7. There is another option for parents of Medicaid-eligible dependents to access Medicaid funds for the in-home medical services their children require. Under the Family Managed Nursing Initiative (FMNI), parents assume responsibility for selecting skilled nursing staff (either registered or licensed practical nurses) to provide in-home care. In addition, they must select a nurse coordinator (also a registered or licensed practical nurse) to assist in hiring, training and supervising the nursing staff. Last, the parents are responsible for managing the staff’s work schedules and reviewing their time sheets.
8. The goal of the FMNI program is to secure quality, consistent, cost-effective home care services. It does so by directing less money to home health care agencies in the form of administrative fees, thus making more money available for nursing wages.
2 The statute was amended in 2008, adding subsection (g) to clarify the state’s ability (through its intermediary payroll service) to provide workers’ compensation coverage for personal care attendants in the manner described. In making this amendment, the statute also clarified that “subsections (f) and (g) . . . are intended to permit the state to provide workers’ compensation and unemployment compensation and shall not be considered for any other purposes.” Whether this amendment merely codified the state’s prior intent or added something new is unclear. In either event, Defendant’s reliance on the language of the amendment itself in support of its position is misplaced, as it was not in effect at the time of Claimant’s 2007 injury.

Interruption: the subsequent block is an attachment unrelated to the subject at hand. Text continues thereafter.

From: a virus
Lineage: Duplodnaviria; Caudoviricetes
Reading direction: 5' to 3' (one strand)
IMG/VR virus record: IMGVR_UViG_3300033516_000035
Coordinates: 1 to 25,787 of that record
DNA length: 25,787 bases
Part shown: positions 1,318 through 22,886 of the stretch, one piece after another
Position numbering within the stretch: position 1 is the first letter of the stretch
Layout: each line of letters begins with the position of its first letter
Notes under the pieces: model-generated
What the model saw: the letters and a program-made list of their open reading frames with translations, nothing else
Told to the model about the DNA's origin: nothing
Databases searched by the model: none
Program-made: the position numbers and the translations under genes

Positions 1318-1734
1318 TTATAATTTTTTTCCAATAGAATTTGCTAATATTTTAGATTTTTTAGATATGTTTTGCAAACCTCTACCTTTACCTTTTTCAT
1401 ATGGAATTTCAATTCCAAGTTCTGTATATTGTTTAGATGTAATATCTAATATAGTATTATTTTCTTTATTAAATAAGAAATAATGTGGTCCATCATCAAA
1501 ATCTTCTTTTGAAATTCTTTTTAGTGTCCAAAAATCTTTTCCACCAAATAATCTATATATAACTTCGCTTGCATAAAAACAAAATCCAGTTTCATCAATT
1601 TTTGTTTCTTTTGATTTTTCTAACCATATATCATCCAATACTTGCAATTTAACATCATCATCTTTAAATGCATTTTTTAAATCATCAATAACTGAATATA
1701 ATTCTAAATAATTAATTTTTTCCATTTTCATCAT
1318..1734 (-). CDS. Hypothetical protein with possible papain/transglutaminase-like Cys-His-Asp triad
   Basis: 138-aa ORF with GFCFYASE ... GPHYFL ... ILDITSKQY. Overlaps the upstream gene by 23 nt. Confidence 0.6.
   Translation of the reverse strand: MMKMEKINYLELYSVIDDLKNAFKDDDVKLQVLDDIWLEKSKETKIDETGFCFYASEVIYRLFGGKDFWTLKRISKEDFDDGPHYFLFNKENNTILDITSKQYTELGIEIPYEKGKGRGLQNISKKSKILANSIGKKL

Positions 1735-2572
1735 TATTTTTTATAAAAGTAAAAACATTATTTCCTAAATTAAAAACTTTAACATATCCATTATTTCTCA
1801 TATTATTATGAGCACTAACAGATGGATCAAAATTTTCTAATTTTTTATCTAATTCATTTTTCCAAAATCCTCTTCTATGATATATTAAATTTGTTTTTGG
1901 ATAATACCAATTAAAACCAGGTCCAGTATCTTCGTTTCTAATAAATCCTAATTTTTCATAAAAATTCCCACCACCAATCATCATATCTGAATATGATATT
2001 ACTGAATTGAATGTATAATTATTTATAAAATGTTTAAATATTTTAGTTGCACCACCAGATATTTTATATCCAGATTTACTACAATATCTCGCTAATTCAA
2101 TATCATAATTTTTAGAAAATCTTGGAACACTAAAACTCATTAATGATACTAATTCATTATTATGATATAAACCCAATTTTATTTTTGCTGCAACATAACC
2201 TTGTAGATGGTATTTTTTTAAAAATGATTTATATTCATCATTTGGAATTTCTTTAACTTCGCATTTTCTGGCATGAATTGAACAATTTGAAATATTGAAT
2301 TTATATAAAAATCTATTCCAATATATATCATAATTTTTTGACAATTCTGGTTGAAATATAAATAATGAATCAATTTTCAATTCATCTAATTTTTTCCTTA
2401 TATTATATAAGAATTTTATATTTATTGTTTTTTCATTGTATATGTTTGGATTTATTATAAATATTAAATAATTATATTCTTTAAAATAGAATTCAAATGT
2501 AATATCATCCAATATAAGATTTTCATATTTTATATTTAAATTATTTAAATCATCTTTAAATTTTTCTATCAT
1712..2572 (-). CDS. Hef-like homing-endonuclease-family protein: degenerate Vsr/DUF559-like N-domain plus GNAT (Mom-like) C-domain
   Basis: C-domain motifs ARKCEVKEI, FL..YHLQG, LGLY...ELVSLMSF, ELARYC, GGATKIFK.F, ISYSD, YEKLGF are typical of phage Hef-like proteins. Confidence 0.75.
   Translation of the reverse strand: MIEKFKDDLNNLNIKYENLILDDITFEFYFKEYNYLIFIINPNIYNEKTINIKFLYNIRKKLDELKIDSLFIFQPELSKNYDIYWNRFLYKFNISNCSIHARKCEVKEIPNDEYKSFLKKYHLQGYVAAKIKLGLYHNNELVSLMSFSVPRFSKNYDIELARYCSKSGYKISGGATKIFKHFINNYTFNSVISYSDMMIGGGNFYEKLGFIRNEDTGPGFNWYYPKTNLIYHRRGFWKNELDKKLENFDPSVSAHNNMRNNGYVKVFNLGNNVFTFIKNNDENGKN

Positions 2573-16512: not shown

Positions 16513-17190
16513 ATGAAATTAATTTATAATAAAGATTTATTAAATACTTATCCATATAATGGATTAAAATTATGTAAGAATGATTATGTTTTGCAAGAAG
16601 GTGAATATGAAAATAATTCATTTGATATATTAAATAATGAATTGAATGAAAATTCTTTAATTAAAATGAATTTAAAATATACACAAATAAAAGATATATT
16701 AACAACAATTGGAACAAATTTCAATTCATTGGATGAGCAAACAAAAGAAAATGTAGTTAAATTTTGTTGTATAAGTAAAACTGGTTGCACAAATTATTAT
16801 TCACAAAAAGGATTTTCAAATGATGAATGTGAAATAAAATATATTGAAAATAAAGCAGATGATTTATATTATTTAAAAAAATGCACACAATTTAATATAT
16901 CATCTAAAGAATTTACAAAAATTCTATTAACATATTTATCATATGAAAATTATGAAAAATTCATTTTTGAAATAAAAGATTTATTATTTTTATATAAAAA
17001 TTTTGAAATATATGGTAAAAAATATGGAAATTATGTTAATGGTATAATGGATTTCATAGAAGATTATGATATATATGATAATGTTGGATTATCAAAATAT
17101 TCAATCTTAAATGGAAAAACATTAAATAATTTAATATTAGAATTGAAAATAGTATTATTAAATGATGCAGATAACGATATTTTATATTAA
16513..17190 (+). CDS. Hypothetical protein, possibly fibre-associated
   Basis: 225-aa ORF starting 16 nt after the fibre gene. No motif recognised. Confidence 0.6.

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9. To participate in the FMNI program, parents must use only those nurses who are enrolled as qualified Medicaid providers. Otherwise, the nurses are not eligible to receive payment through the FMNI program. In Vermont, the Agency of Human Services (AHS) has contracted with EDS, a third-party payer, to review, adjust and pay the bills for in-home services provided under the FMNI program. EDS uses Medicaid funds to do so. All told, Medicaid pays for the services of approximately 14,000 approved providers in Vermont, including doctors, nurses and other medical providers.
10. During a meeting at Dartmouth Hitchcock in 2006 Heather Nelson asked Claimant if she would be interested in providing the home care that CN required. Because at that point Claimant was not a qualified Medicaid provider, Ms. Nelson proposed that she work initially as a personal care attendant under the CPCSP. Ms. Nelson further proposed that both she and Claimant would work towards garnering approval to transition into the FMNI program – Ms. Nelson as a qualified FMNI client and Claimant as an approved medical provider. At that point Claimant would be eligible to be paid at a significantly higher rate than what she would receive initially as a personal care attendant.
11. Claimant was amenable to this proposal. In late 2006 she began providing home care services for CN as a personal care attendant. Claimant’s duties included monitoring CN’s ventilator, suctioning him as needed and otherwise tending to his personal care needs. Claimant was paid under the CPCSP, at the rate of $10.00 per hour.